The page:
The CMBX.6. The acronym has splashed across headlines and become a source of controversy on Wall Street. It’s such a popular trade by speculators placing bets on store and mall closings that shorting the CMBX.6, a commercial real estate mortgage index, has been profiled in the media as the next “big short.”
Controversy has brewed because of short sellers’ assertions that the American mall is dying and that near-term defaults and losses on the CMBX.6 loan pool will therefore be high. We dispute these views.
In fact, our research shows that the American shopping mall is evolving, not dying.
It’s true that apparel retailers are retrenching. Many mall assets are headed toward obsolescence. Some mall owners are reluctant to provide new investment. As many as one-third of the 1,100 regional malls in the US are at risk.
But that’s only part of the story. Dig deeper, and the truth becomes far more complex and nuanced. Mall owners often support their assets, especially if a mall is regionally dominant. Such a mall has the potential to consolidate tenants when other, obsolete competitors exit its landscape.
Some of the 37 regional malls represented in the CMBX.6 can’t survive. But most are dominant within their trade areas, produce ample or sufficient internal cash flow to support both capex and debt service, and have enough sponsor equity to reposition to meet evolving consumer demands.
Even if the American mall were dying, short selling the CMBX.6—which holds less than half of one percent of malls in the US—to express that view is inefficient. Our fundamental research suggests that not only will overall loan losses likely be modest but also returns on the CMBX.6 will ultimately be attractive, even under extremely stressful scenarios.
In our view, short sellers may be missing critical points that support the protection seller of the CMBX.6 rather than the protection buyer:
- Most of the CMBX.6 is backed by non-retail assets that have enjoyed material growth in net operating income (NOI), considerable commercial real estate appreciation since 2012 (the year the CMBX.6 was created) and more defeased loans than usual. These assets are not expected to suffer meaningful losses.
- Short sellers expect near-term regional mall loan defaults with significant losses. But most of the 37 underlying malls produce significant internal cash flow and we expect them to continue to do so. This makes term defaults less likely.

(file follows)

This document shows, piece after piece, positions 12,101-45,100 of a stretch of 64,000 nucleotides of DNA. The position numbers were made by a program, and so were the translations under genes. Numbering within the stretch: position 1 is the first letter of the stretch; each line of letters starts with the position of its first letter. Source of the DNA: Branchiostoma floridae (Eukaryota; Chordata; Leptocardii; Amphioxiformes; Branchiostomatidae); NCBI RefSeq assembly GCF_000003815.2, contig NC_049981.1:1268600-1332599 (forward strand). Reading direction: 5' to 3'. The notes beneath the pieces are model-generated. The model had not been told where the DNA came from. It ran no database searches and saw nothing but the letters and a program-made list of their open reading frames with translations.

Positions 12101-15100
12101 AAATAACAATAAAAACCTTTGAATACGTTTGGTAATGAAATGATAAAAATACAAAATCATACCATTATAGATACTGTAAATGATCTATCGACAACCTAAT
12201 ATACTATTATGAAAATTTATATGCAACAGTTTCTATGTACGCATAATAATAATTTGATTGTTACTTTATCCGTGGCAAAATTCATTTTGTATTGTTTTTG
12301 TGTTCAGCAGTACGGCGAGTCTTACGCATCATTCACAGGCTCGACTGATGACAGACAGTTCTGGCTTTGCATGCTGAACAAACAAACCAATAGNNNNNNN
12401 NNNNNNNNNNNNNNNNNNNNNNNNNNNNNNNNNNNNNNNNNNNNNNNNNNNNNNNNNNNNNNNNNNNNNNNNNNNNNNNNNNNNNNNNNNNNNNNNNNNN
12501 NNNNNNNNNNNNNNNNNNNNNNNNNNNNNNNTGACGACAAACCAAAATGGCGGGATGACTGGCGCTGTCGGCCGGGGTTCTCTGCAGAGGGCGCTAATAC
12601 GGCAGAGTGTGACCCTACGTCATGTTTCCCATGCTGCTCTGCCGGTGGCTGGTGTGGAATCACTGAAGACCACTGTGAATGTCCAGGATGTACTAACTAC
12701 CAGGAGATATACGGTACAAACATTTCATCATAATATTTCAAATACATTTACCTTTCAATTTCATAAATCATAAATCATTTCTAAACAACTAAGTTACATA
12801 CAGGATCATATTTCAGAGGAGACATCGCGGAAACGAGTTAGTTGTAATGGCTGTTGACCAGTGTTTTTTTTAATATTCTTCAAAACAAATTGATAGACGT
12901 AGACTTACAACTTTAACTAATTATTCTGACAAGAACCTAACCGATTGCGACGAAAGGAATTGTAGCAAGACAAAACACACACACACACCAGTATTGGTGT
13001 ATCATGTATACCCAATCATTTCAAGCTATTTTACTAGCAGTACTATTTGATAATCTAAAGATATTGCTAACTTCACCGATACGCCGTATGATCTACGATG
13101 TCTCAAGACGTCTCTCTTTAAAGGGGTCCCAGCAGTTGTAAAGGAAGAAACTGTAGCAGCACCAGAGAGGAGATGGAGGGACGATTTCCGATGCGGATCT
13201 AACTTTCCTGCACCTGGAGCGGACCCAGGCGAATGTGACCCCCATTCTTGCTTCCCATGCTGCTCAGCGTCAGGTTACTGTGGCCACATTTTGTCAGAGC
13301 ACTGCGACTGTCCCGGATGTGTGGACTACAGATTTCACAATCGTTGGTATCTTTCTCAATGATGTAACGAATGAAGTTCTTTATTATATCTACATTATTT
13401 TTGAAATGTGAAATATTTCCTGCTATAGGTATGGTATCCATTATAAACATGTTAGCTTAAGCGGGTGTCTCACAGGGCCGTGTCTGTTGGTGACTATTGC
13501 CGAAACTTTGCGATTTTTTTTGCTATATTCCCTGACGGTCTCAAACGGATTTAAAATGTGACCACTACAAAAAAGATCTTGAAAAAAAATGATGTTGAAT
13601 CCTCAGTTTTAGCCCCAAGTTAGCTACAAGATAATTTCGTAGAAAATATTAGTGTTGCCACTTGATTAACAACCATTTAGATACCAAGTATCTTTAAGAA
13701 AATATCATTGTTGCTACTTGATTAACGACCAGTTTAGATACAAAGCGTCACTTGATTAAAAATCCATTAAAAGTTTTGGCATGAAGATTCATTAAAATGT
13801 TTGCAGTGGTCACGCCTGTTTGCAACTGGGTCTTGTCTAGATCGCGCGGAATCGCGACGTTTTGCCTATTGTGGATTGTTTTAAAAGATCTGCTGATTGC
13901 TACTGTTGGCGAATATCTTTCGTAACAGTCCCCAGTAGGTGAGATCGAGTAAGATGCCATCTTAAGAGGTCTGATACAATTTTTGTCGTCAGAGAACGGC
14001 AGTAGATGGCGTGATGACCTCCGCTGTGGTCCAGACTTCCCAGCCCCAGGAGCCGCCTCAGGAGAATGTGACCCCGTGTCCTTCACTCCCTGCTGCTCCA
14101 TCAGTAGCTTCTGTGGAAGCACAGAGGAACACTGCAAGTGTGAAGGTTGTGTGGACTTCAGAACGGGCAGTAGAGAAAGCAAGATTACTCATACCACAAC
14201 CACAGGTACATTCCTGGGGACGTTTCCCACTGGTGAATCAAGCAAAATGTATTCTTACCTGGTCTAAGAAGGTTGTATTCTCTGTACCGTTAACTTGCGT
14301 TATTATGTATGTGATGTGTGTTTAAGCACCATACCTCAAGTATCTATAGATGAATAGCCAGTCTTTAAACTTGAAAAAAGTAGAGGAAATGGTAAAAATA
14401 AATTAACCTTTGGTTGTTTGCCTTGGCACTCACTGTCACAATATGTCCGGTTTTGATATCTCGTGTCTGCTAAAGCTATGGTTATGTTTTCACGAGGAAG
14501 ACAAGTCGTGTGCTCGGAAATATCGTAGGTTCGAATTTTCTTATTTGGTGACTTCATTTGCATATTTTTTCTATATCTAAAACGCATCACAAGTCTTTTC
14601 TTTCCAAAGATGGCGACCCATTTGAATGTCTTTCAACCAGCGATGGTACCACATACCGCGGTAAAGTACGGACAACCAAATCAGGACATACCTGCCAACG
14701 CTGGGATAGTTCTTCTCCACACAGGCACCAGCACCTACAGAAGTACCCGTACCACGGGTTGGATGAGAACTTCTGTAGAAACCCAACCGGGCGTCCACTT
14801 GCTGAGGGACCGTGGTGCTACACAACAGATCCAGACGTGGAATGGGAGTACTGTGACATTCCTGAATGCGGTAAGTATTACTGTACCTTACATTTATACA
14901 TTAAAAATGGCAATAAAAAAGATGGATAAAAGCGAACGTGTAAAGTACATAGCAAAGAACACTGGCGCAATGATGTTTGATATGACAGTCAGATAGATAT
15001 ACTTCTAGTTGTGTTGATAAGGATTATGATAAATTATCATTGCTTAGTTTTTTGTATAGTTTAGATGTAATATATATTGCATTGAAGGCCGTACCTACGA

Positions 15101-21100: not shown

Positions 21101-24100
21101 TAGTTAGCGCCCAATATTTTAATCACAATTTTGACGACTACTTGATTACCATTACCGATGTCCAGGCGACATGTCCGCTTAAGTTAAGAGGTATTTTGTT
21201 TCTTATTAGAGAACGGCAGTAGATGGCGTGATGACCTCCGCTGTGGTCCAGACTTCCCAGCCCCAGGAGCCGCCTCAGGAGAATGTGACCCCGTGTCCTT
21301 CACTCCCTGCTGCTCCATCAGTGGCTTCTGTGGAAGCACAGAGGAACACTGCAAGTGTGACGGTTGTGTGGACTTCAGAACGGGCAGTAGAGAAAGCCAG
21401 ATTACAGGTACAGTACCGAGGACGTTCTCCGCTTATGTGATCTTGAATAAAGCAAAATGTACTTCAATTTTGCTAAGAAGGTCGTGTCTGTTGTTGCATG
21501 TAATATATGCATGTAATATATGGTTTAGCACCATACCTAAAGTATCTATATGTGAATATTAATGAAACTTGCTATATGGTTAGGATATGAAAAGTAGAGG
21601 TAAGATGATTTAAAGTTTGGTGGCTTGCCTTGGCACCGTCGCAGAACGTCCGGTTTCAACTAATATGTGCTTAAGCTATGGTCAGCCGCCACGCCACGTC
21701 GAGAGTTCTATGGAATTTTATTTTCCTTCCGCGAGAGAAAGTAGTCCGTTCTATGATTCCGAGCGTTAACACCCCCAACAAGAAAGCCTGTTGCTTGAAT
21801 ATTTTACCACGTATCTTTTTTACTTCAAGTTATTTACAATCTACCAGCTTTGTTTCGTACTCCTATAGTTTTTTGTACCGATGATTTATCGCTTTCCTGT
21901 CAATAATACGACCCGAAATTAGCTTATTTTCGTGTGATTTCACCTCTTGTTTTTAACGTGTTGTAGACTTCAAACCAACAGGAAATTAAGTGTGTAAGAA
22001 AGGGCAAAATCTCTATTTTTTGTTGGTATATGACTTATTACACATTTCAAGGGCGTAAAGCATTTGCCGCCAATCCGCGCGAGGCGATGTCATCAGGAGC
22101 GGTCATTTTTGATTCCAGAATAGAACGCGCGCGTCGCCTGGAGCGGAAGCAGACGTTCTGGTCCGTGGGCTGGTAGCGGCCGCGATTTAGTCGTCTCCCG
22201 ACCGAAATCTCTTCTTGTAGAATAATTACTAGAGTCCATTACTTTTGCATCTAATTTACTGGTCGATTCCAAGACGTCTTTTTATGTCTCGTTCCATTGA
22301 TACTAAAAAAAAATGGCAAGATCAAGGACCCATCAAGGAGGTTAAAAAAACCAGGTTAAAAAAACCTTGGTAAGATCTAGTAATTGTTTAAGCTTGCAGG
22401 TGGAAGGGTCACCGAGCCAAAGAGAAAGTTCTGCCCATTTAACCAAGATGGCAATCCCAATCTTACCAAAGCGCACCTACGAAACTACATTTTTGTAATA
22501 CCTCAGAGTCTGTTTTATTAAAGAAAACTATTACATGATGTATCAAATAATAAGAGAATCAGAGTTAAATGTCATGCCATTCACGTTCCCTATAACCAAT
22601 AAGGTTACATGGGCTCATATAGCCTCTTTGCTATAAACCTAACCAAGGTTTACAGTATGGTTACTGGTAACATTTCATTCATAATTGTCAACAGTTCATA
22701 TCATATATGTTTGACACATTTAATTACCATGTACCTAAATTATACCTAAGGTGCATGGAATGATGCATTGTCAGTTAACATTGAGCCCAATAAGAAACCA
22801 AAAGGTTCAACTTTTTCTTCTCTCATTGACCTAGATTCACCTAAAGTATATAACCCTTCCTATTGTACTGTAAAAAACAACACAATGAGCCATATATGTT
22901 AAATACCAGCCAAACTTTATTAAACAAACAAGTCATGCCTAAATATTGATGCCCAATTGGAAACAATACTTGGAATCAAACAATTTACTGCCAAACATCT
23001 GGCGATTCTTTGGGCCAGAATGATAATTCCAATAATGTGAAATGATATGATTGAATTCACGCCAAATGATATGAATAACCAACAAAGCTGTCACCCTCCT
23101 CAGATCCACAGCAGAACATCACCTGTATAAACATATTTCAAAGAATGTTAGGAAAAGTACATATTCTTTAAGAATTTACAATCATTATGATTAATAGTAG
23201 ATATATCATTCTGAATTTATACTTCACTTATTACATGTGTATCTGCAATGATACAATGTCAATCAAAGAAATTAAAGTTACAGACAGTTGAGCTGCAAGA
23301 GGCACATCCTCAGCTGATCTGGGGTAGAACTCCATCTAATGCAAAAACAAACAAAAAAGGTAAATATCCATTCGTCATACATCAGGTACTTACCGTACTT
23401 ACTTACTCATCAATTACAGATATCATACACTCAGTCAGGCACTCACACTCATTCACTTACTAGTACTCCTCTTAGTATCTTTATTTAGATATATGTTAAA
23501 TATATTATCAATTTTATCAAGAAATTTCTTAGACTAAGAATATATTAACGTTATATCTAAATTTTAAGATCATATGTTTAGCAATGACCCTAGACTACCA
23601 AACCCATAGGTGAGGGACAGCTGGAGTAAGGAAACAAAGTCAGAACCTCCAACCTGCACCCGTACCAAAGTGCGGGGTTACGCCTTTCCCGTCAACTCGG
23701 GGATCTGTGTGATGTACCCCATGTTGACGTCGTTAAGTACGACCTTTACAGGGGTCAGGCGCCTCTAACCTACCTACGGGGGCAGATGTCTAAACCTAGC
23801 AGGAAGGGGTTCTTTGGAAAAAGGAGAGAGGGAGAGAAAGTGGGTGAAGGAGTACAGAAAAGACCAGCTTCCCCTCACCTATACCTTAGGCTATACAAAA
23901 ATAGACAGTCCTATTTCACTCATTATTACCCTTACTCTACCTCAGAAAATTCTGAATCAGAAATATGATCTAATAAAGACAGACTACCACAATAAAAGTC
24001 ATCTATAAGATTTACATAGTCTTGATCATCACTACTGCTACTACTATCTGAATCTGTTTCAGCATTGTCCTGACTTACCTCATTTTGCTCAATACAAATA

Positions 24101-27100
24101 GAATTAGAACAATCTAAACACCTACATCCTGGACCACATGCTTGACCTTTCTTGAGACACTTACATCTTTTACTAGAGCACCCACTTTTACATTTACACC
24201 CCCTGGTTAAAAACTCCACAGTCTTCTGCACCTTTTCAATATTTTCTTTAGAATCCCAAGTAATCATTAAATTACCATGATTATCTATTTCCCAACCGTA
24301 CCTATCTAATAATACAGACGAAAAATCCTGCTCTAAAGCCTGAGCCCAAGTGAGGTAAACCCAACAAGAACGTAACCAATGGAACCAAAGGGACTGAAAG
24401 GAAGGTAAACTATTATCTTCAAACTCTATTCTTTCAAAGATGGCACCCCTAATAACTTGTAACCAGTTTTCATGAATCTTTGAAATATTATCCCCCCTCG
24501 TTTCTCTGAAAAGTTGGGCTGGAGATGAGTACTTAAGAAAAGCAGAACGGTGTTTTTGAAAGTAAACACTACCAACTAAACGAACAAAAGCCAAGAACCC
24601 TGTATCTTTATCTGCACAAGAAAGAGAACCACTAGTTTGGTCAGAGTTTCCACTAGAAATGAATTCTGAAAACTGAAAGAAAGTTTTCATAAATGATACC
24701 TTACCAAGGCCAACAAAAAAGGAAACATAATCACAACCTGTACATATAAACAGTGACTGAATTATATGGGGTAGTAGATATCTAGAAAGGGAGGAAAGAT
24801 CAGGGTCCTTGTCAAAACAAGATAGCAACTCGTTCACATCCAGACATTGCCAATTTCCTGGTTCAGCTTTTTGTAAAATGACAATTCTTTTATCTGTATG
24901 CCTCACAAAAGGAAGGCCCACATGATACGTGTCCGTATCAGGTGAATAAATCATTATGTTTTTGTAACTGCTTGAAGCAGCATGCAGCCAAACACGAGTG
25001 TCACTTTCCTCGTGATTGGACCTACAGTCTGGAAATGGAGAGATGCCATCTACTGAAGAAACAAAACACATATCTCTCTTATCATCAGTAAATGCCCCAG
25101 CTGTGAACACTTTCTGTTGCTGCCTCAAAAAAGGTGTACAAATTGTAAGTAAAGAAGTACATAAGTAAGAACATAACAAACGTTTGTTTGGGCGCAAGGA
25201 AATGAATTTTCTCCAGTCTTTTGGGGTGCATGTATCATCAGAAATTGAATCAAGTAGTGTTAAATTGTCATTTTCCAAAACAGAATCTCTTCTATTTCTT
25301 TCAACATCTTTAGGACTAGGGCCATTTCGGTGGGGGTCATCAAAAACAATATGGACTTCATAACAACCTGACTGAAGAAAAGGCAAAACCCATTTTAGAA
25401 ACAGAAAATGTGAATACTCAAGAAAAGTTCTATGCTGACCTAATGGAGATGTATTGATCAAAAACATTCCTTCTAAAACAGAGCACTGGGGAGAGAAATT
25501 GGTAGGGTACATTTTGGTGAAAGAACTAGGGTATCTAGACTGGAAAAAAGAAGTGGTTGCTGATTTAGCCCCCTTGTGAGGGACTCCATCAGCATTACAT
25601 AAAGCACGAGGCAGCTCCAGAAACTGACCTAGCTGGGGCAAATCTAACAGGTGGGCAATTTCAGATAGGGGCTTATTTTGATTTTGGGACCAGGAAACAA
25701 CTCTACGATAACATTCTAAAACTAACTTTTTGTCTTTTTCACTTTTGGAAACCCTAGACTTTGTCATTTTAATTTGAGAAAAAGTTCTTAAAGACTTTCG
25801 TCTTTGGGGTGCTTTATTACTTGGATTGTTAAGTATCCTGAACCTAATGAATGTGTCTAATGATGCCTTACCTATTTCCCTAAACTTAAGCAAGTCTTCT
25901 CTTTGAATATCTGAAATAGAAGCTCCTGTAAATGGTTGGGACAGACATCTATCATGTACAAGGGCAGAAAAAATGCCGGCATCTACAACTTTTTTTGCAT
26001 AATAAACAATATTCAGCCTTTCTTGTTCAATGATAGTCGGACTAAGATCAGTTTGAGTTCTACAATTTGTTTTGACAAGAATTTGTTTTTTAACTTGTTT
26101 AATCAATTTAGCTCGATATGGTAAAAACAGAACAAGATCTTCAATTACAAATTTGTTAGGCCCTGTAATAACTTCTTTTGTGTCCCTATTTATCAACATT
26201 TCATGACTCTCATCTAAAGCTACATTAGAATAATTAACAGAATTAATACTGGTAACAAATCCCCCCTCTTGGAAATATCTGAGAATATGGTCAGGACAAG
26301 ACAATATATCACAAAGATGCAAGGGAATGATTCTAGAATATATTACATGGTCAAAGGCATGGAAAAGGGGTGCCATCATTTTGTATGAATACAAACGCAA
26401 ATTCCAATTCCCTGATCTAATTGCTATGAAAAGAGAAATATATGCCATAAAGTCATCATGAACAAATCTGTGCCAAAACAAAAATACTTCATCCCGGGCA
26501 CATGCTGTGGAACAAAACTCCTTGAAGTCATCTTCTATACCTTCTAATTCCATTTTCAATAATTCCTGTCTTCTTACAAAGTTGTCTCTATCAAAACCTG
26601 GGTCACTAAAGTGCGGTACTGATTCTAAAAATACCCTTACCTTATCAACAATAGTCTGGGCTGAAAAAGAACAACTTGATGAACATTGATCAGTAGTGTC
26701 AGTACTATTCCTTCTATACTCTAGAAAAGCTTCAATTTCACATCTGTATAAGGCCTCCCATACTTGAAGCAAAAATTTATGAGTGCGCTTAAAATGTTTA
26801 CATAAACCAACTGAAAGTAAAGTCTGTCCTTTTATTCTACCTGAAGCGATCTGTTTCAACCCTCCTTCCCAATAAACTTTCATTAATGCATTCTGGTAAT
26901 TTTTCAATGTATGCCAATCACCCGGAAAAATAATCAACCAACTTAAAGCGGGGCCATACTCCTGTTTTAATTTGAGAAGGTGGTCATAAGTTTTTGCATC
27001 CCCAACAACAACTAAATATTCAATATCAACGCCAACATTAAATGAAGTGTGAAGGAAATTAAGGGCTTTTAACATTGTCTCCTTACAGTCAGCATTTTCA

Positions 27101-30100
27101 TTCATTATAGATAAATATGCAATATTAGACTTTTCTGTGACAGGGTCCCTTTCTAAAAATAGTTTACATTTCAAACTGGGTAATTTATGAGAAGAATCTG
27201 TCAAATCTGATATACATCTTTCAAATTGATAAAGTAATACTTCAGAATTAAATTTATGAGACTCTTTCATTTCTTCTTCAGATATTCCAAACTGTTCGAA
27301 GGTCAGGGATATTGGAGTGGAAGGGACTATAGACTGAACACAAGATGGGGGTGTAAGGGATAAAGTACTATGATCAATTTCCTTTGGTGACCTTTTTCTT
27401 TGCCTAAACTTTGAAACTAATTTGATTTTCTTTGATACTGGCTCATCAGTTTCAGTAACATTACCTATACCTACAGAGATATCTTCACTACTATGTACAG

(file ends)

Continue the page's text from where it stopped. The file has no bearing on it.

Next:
- Mall closures and loan losses among the 37 malls are well below short sellers’ assumptions—and are likely to remain so. The regional malls in the CMBX.6 are likely to fully or at least partially pay off their loans at maturity.
- Mall loan losses may not occur as quickly as short sellers anticipate. Rather than forcing high-loss-severity liquidations of viable assets, special servicers are likely to work with borrowers to minimize losses by extending loan maturities and making loan modifications.
- Loan losses on the entire CMBX.6 collateral pool will likely be modest, with more significant tranche-level losses concentrated in specific deals.
- Thanks to the composition and characteristics of its underlying assets, returns on the CMBX.6 are likely to be much higher in the long run than short sellers expect.
The performance of this complex trade depends on a host of diverse and interdependent factors requiring equally complex analysis. That’s why the story of the American mall and of the CMBX.6 is best viewed in full color, not in black and white.
Is There Really Too Much Retail in the CMBX.6?
Speculators are betting against the CMBX.6 in part because of its heavy exposure to retail. And indeed, at the time of the index's origination in 2012, retail collateral—regional malls, power centers, strip centers, community shopping centers and factory outlets—comprised 36% of the loan pool. That represents a significant overweight to the retail sector. In comparison, just 29% of the average CMBS deal issued since 2010 has been retail loans.
Throughout this paper and for the purposes of our analysis, we employ an even more conservative metric: current loan balance net of defeased loans as a share of current loan balance. This metric gives us a current exposure to retail collateral of 44%.
While this figure sounds high, the equivalent defeasance-adjusted credit enhancement of the series has also improved since origination, from 6.8% to 10.7% for BBB– tranches and from 5.3% to 8.2% for BB. The substantially improved credit enhancement means that the default rate on the retail loans must now be materially higher in order to result in bond-level losses.
Loss-adjusted yields on the CMBX.6 look compelling even in high-stress scenarios
To demonstrate this, let’s look at an extreme example in which losses stem only from retail loans. For our hypothetical case, we’ll assign a loan loss severity of 50%. Assuming original levels of credit enhancement, the default rate must hit 37% to wipe out the BB tranche and cause a first-dollar loss on the BBB– tranche. However, when we raise the credit enhancement to 8.2%—the current defeasance-adjusted level—the default rate must rise to 49%. That’s a high hurdle, especially since, from 1995 to 2017, the historical default rate for retail loans with material losses was 10.1%, according to Wells Fargo.
What’s more, given the CMBX.6’s seven years of seasoning, the pool has both a remarkably low default rate and rate of loans that have been liquidated with a loss (Display).
The high loan payoffs and low delinquency rate are consistent with commercial real estate’s 10 years of recovery since the global financial crisis. According to Real Capital Analytics (RCA), the Commercial Property Price Index (CPPI), a national index of all nondistressed commercial properties, has appreciated 79% since the start of 2012. Even the lagging retail sector has appreciated nearly 50%, mostly driven by non-mall properties such as community shopping centers.